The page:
• The computer 1001 also includes a hard drive 1014 coupled to the system bus 1004 through a hard drive interface 1012, a floppy drive 1018 containing a floppy disk 1020 coupled to the system bus 1004 through a floppy drive interface 1016, a CD-ROM drive 1024 containing a CD-ROM disk 1026 coupled to the system bus 1004 through a CD-ROM drive interface 1022, and a DVD-ROM drive 1033 containing a DVD-ROM disk 1032 coupled to the system bus 1004 through a DVD-ROM drive interface 1028. Those of skill in the art will recognize that there are a wide variety of other storage elements, such as flash memory cards and tape drives, available for inclusion in a computer 1001, which may be coupled to the system bus 1004 through a wide variety of interfaces, all within the scope of the present invention. Also, these storage elements may be distributed among multiple devices, as shown here, and also may situated remote from each other, but can be accessed by the processing unit 1002.
  • The computer 1001 also includes a video adaptor 1034 configured to drive a display 1036, and a universal serial bus (USB) interface 1038 configured to receive user inputs through a keyboard 1040 and a mouse 1042. Other user interfaces could comprise a voice recognition interface, microphone and speakers, graphical display, touch screen, game pad, scanner, printer, or some other type of user device. These user interfaces may be distributed among multiple user devices. The USB interface 1038 is also configured to interface with a modem 1044 allowing communication with a remote system 1048 through a wide area network (WAN) 1046, such as the internet.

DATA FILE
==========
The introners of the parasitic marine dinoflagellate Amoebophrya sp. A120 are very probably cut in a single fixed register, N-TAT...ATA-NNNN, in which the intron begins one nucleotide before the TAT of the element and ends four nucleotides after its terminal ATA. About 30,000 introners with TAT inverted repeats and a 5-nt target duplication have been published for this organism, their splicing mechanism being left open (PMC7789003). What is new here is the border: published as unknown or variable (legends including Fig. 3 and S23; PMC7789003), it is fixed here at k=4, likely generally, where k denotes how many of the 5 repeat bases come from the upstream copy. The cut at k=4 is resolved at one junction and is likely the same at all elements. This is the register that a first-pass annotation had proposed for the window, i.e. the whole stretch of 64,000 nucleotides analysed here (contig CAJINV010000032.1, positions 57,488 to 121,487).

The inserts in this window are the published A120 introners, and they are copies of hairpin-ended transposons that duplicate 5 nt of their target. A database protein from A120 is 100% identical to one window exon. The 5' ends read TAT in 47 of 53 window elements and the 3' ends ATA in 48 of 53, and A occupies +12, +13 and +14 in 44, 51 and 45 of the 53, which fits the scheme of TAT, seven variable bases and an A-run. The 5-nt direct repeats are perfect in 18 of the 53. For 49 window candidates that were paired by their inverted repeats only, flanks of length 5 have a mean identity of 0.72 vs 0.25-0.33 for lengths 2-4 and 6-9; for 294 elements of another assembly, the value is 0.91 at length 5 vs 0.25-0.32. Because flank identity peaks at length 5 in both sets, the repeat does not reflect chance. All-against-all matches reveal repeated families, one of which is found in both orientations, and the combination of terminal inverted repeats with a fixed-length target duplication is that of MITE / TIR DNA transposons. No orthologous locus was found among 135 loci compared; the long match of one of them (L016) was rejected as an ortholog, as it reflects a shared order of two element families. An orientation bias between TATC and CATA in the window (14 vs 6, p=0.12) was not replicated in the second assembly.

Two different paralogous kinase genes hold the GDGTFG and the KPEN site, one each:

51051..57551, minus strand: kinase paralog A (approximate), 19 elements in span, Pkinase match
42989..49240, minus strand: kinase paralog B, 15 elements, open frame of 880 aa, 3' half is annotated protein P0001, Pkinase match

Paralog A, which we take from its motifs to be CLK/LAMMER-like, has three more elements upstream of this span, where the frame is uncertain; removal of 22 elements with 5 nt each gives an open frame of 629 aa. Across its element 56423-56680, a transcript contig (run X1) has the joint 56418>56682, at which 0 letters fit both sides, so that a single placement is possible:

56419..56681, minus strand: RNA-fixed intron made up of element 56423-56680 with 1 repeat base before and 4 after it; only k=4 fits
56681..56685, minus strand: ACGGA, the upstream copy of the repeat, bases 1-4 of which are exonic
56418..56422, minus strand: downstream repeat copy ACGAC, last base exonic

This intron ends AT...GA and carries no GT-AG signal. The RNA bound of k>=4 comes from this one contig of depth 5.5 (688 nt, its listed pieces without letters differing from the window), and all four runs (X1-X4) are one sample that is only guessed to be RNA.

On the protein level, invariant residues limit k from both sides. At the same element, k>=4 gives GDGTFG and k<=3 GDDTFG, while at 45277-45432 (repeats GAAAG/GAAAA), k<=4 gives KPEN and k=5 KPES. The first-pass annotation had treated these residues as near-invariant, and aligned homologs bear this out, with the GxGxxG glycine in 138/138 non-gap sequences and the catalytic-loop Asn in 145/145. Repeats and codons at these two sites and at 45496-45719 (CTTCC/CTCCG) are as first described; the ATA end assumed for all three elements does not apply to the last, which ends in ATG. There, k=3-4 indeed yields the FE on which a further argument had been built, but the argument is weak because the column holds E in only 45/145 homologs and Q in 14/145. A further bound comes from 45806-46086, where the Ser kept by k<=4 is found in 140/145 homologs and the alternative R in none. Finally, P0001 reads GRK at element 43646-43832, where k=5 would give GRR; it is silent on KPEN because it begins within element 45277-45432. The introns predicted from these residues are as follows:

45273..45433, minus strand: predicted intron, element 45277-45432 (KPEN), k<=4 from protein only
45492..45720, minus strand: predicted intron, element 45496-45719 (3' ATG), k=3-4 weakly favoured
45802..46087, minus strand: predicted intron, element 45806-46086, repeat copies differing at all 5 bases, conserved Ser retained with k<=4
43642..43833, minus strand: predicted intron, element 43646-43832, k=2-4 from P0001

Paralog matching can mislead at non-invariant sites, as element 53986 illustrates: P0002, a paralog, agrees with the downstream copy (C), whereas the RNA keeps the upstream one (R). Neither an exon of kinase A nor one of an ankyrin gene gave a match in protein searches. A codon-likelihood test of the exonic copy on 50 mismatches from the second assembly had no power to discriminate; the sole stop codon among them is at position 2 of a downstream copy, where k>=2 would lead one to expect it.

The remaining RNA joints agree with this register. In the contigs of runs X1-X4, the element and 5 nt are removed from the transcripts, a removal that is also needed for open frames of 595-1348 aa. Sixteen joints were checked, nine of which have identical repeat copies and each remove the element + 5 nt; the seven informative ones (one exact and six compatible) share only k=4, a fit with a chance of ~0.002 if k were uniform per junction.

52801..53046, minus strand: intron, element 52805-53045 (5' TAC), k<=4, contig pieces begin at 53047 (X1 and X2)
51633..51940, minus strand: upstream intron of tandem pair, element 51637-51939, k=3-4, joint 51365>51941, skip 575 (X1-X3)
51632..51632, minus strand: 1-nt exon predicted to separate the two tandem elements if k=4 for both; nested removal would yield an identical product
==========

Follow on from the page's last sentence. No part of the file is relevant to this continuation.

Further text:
• The computer 1001 further includes a network adaptor 1052 configured to communicate to a remote system 1048 through a local area network (LAN) 1045. Those of skill in the art will recognize that there are a wide variety of network adaptors 1052 and network configurations available to allow communication with remote systems 1048 all within the scope of the present invention. For example, networks may include Ethernet connections or wireless connections. Networks may be local to a single office or site, or may be as broad and inclusive as the internet or usenet. Remote systems 1048 may include memory storage 1050 in a very wide variety of configurations, all within the scope of the present invention.